What the Flop?: I Came. I Saw. I Cried.

By Christina Bradfield
February 11, 2019

Ed. Note: This is the second in a series of articles by Christina Bradfield entitled “What the Flop?” a poker column about the absurdities, humor, and just “random stuff” that goes along with playing poker.

You know that famous line in “A League of Their Own”? “There’s no crying in baseball.” Well, I’ve come to find out that’s an unspoken rule in poker. Nobody enforces it, but think about it: What’s the last time you saw someone burst out crying after their trips got sucked out on the river? A part of me wants to do that now at a poker table, just to see what the reaction is. Maybe I can make animal noises when I pull in a particularly large pot, or make a sound my ex-boyfriend did of “Hup Hoooo” at random intermittent times at the table and see which one gets a larger reaction, those or the crying?

Most of my good cries in poker have come after I’ve left the table. I stay classy, collect my belongings, and walk my way towards a bathroom or outside the casino or card club. I can take my time in the bathroom because honestly, men don’t know what we’re doing in there anyways. We brush our hair, put on makeup, make new friends and just allow ourselves the time to breathe.

There’s unspoken protocol and etiquette at a poker table, sometimes confusing at the disparity, sometimes known only to someone who’s taken their time at the tables, until certain rules are just layered in like hoodies on most men at the table. They include:

  • Eating Buffalo wings dripped in BBQ sauce and then ceremoniously and repetitively dipped in ranch dressing while still continuing to hold your cards, talk to your girlfriend, and play in the hand is deemed acceptable, albeit gross. Or maybe I’m the only one that thinks it’s gross, although I highly doubt that.
  • Swearing at the table. This one can change depending on the occasion and if it’s caught by a floor supervisor. I look like Reese Witherspoon is randomly at a casino about to play limit hold’em so that holds off most cursing at the table until I pull in a large pot, as I confuse most players in the beginning. I’ve been asked if I’m a nurse or teacher more times than I can count. One time I told them I was a rocket scientist that was researching spinning black holes and alternate universes. (A friend of mine works at Cal Tech and fortunately does this same thing.)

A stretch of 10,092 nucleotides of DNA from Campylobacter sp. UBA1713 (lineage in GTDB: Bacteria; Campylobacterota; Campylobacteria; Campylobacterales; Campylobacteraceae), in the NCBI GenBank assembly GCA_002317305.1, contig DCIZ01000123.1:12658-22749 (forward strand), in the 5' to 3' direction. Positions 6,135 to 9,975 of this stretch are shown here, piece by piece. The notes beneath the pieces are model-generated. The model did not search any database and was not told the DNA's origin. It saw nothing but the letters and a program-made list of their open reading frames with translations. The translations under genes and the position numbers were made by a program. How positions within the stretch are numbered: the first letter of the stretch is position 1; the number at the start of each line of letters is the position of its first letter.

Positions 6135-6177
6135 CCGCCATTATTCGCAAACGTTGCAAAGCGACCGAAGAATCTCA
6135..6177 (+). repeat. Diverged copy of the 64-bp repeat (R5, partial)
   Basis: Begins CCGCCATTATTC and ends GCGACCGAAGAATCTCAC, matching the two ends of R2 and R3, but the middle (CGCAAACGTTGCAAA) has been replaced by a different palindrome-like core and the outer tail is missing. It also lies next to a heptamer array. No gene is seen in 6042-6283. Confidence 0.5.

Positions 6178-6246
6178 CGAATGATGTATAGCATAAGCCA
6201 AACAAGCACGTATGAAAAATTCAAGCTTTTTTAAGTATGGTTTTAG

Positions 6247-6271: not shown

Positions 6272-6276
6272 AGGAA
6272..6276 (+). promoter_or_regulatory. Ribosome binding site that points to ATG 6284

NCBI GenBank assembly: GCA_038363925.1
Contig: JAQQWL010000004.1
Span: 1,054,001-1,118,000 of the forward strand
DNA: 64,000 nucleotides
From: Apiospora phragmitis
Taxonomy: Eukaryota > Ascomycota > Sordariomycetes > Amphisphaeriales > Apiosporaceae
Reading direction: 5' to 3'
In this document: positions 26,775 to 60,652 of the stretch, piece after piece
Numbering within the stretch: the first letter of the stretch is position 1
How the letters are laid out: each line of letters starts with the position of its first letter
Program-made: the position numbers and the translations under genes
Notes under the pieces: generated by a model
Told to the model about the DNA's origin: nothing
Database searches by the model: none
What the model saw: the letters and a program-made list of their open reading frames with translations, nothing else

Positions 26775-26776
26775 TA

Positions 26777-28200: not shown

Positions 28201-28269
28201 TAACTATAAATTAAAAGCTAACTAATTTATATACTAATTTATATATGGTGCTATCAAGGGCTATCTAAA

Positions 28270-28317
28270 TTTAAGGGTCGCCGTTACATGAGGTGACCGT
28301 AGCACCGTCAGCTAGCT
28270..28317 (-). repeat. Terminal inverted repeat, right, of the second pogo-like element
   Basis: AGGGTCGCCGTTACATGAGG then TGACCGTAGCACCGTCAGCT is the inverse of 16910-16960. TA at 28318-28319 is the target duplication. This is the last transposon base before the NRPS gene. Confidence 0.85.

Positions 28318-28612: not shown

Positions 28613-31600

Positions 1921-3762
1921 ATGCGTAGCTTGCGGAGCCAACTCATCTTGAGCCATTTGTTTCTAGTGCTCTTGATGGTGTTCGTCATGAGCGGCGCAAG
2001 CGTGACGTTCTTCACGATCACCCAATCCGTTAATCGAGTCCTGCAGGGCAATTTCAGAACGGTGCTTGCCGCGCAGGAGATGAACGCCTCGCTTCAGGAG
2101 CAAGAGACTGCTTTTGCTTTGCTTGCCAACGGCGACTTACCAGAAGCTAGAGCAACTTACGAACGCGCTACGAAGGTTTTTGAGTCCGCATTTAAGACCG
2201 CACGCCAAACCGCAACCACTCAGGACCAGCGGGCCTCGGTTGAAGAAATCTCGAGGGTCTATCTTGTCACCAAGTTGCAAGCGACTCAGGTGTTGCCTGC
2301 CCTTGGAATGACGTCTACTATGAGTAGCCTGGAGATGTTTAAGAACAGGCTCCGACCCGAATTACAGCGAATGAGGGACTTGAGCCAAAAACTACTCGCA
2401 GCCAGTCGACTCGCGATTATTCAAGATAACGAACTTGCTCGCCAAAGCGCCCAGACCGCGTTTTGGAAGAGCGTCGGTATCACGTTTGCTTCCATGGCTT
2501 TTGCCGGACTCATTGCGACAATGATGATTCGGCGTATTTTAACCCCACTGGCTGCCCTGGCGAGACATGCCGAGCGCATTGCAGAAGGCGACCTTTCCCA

• You can wear pretty much anything if you’re a man. I’ve seen men in Batman outfits and wearing sweatpants for days, but I stand out like a unicorn is dancing in a rainbow if I wear a dress or classy pea coat. However, now that I think about it, I’ve gotten excited seeing a man play while wearing a very stylish outfit whose very debonair appearance looks like he worked out that morning and shaved. And yes, I only have one reference I’m thinking about at the WSOP. I understand the necessity to be comfortable, as you’re sitting there for hours potentially, most card clubs are extremely cold, and wanting to not call attention to yourself or your potential tells. Just once in a while though, it’d be great to see more button down shirts and nice shoes… You’re out in public, folks, it’s not like you’re playing at a casino online.

One of the things I love most about poker is the free-for-all nature of it. True, there’s rules, regulations, statistics, etc. However, I’ve done the wave, had other players put chips on their heads, given each other nicknames, etc. at the table. In this more and more tightly wound world we live in, it’s a relief to go somewhere where at least there’s the possibility you can be yourself. The irony is that at the higher stakes there’s more and more personas. But there’s relief that you’re around people that don’t judge you for wanting to play poker, that give you a smile the more often you see them, and support each other in a way that’s amazing.

So if you see me crying at the poker table, I’ll consider it a step towards my inclusivity at the table. You can stare at me as I do at the man eating his buffalo wings at the table, and ask me if I’m a teacher, or if I’m lost. Hup hoooo!



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Christina Bradfield poker author
Written By.

Christina Bradfield

Christina Bradfield is an author currently living in Las Vegas. Her love for poker began at a young age when her mother introduced her to Texas Hold’em in a home game where she learned not to put her cash winnings in her pockets.


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